The break was taken in the garden of Bob's house, and he and wife Kati had assembled an impressive spread with hot sausage and spring rolls, along with biscuits and sweet treats.  At this point, we discussed the post-tea time agenda, which included the scattering of wild flower seeds in an area of the green which had been prepared with the use of a rotavator during the morning.  Also, under the guidance of villagers Colin and James, there was the pond opposite the church to clear.

We divided up accordingly for the second half.  Kevin and Andrew each donned a set of waders and joined Colin in the pond, where the overgrown aquatic vegetation was removed by hand and deposited around the perimeter for clearing.  A couple of wheelbarrows had been sourced and the plants were carted away to a pile back on the green.

The pond water was not as cold as expected and a good effort saw much of the weed cleared before the 12:30pm deadline.  A number of locals including some staff and students from the neighbouring Sunningwell School of Art were delighted to see the immediate improvement!

All in all, a good morning's work in the November sunshine, and something a little different from many of our more regular tasks.

A well sunny Sunningwell Green!

Bob briefs the group in the bright sunshine.

Raring to go.

The section of hedge we helped plant in February 2016.

Graham, Carolyn and Kevin get started.

Clearing away vegetation.

Marking-out the line of the hedge.

Planting begins.

Each cane marked where a sapling was to be planted.

Spiral tree guards to protect the saplings.

A row of Green Gymmers and locals.

A finished section.

Completion of the task!

Tea garden.

Villager Colin removes weed from the pond.

Kevin joins in.

Pond weed is removed to the pavement, where it is collected and taken away.

Where the pond borders the art school.

The pond complete with island.

The pond was surprisingly deep in places!

Matt with a barrow-load of pond weed.

Sunday, November 19, 2017

Ock Valley Walk, 18th November 2017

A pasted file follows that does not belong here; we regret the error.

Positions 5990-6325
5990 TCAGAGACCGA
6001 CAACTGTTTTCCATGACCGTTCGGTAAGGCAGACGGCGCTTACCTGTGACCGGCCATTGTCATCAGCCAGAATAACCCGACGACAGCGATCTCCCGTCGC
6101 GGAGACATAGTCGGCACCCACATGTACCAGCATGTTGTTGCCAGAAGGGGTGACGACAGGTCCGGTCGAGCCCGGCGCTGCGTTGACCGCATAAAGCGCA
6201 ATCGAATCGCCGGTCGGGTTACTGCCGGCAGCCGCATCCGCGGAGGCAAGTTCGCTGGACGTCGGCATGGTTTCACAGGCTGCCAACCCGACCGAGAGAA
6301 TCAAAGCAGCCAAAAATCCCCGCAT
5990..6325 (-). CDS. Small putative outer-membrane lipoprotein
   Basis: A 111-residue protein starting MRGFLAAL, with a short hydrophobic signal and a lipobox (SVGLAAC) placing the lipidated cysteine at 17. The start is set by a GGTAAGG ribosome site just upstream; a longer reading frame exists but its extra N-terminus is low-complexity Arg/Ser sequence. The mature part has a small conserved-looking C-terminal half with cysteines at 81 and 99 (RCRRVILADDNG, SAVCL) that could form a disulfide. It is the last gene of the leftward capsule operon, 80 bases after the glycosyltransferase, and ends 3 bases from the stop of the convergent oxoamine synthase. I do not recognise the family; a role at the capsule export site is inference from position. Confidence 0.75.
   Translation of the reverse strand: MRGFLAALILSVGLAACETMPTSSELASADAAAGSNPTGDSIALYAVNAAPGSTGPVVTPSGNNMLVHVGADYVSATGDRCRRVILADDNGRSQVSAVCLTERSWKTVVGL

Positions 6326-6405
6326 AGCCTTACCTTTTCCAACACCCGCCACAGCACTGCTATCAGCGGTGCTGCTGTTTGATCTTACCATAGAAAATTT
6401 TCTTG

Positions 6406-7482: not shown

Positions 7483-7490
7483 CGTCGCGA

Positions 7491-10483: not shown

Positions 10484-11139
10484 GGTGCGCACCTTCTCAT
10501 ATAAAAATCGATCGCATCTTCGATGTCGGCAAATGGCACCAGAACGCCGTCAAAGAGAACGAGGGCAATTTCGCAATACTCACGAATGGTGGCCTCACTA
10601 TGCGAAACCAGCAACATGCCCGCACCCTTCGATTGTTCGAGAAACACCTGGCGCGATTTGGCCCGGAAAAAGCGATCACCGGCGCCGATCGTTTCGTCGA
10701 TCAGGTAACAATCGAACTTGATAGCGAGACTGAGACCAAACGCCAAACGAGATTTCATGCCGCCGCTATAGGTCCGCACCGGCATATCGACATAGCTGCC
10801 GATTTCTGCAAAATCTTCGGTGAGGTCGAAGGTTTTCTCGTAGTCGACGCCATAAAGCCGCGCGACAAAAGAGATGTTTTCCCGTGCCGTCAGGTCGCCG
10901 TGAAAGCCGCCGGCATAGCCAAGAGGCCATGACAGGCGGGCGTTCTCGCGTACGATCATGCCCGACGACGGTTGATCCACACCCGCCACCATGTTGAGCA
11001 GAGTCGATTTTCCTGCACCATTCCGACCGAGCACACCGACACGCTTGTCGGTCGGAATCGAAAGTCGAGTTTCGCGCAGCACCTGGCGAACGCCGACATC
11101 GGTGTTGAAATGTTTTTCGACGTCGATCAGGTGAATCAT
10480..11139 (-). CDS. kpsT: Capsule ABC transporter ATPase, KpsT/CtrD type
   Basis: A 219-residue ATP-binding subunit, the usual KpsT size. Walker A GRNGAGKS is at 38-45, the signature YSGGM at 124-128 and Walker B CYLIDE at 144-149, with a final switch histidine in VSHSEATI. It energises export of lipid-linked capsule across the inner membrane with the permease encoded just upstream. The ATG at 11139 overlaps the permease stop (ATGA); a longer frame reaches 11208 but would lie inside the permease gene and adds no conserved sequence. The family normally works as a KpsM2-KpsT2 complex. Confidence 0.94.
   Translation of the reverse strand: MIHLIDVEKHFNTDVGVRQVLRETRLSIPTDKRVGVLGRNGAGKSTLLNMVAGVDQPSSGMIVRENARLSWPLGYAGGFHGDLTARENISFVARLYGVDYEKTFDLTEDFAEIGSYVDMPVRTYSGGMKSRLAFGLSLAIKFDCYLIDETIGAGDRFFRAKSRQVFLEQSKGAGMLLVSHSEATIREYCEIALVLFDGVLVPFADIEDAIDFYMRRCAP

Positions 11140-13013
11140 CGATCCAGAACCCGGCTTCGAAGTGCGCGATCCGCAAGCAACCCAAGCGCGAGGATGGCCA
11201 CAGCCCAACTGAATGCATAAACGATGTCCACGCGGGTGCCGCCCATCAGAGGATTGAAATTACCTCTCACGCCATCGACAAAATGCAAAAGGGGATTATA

Because of the closure of the footbridge at St Helen's Wharf, the venue for our planned session for work at the Town end of the Ock River Path was changed to the Tesco end, as parking was easier for everyone.  Sally was our leader for the session and the tasks were to collect litter, clear nettles from the footpaths and generally tidy up.

The weather was fine, if dull, to start with and we all got to work, as there was a lot of litter to pick.

We made our way to our normal base area in the wood, while Matt and Colin put our signpost and leaflet holder up.

Michele, Graham and Colin set to work by sweeping up fallen leaves from the bridge over the Ock so that it was less slippery underfoot and generally cleared the paths of leaf litter.  Matt slashed away nettles from the sides of the path, while Janet, Rosie and Sally collected litter.  The new handihoops for our litter bags made this task a lot easier.  Dieuwke joined us a little later and she and Colin also joined in collecting litter.

The rain started just before our very welcome tea break and Dieuwke had also brought some satsumas for us to enjoy along with some tasty biscuits, which lifted our spirits.

We were pleased to hear from Eleanor, who had been working at the Town end planting wild flower bulbs with Andrew, Petra and Dan that they had successfully completed their task, but unfortunately, had all decided to go home afterwards as it was a long trek from the Town end to our base, so they missed out on tea on this occasion.

Colin had reported finding a used mattress, which we thought had been discarded, but when we went to collect it, it was clear that this was or had been someone's home.  Sadly, we found evidence of drug use and Sally reported this to the police and Council so that the site can be properly cleared, afterwards.

We then spent the next 20 minutes or so finishing up.  Janet disturbed a huge rat (fatty ratty!) on the river bank in her quest to retrieve some litter before it made its way into the Ock and then with Colin and Sally managed to pick up an array of screws, bolts, copper tubes and plastic ties that had been strewn on the pavement by Barclays Bank.

The path is used by many people lots of whom were very appreciative of our efforts.  All-in-all, a very satisfying morning's work was done.

Photos by Andrew (first 11) and Sally (last 5):

Sign warning of the closure of the footbridge.

Autumn colours on the path.

Ducks on the Ock.

Petra and Eleanor prepare to plant bulbs beside Chris's memorial tree.

Petra plants.

Dan keeps busy.

Some of the spring bulbs.


Eleanor plants the last of the bulbs.

Leaves on one of the young beech trees that the Green Gym planted a few years ago.

Homeward bound.

Michele sweeping fallen leaves

Rosie nettle bashing.

Graham clearing the path.

Janet with part of our haul.

Matt, Rosie, Janet, Graham and Michele with our collection of litter and recycling.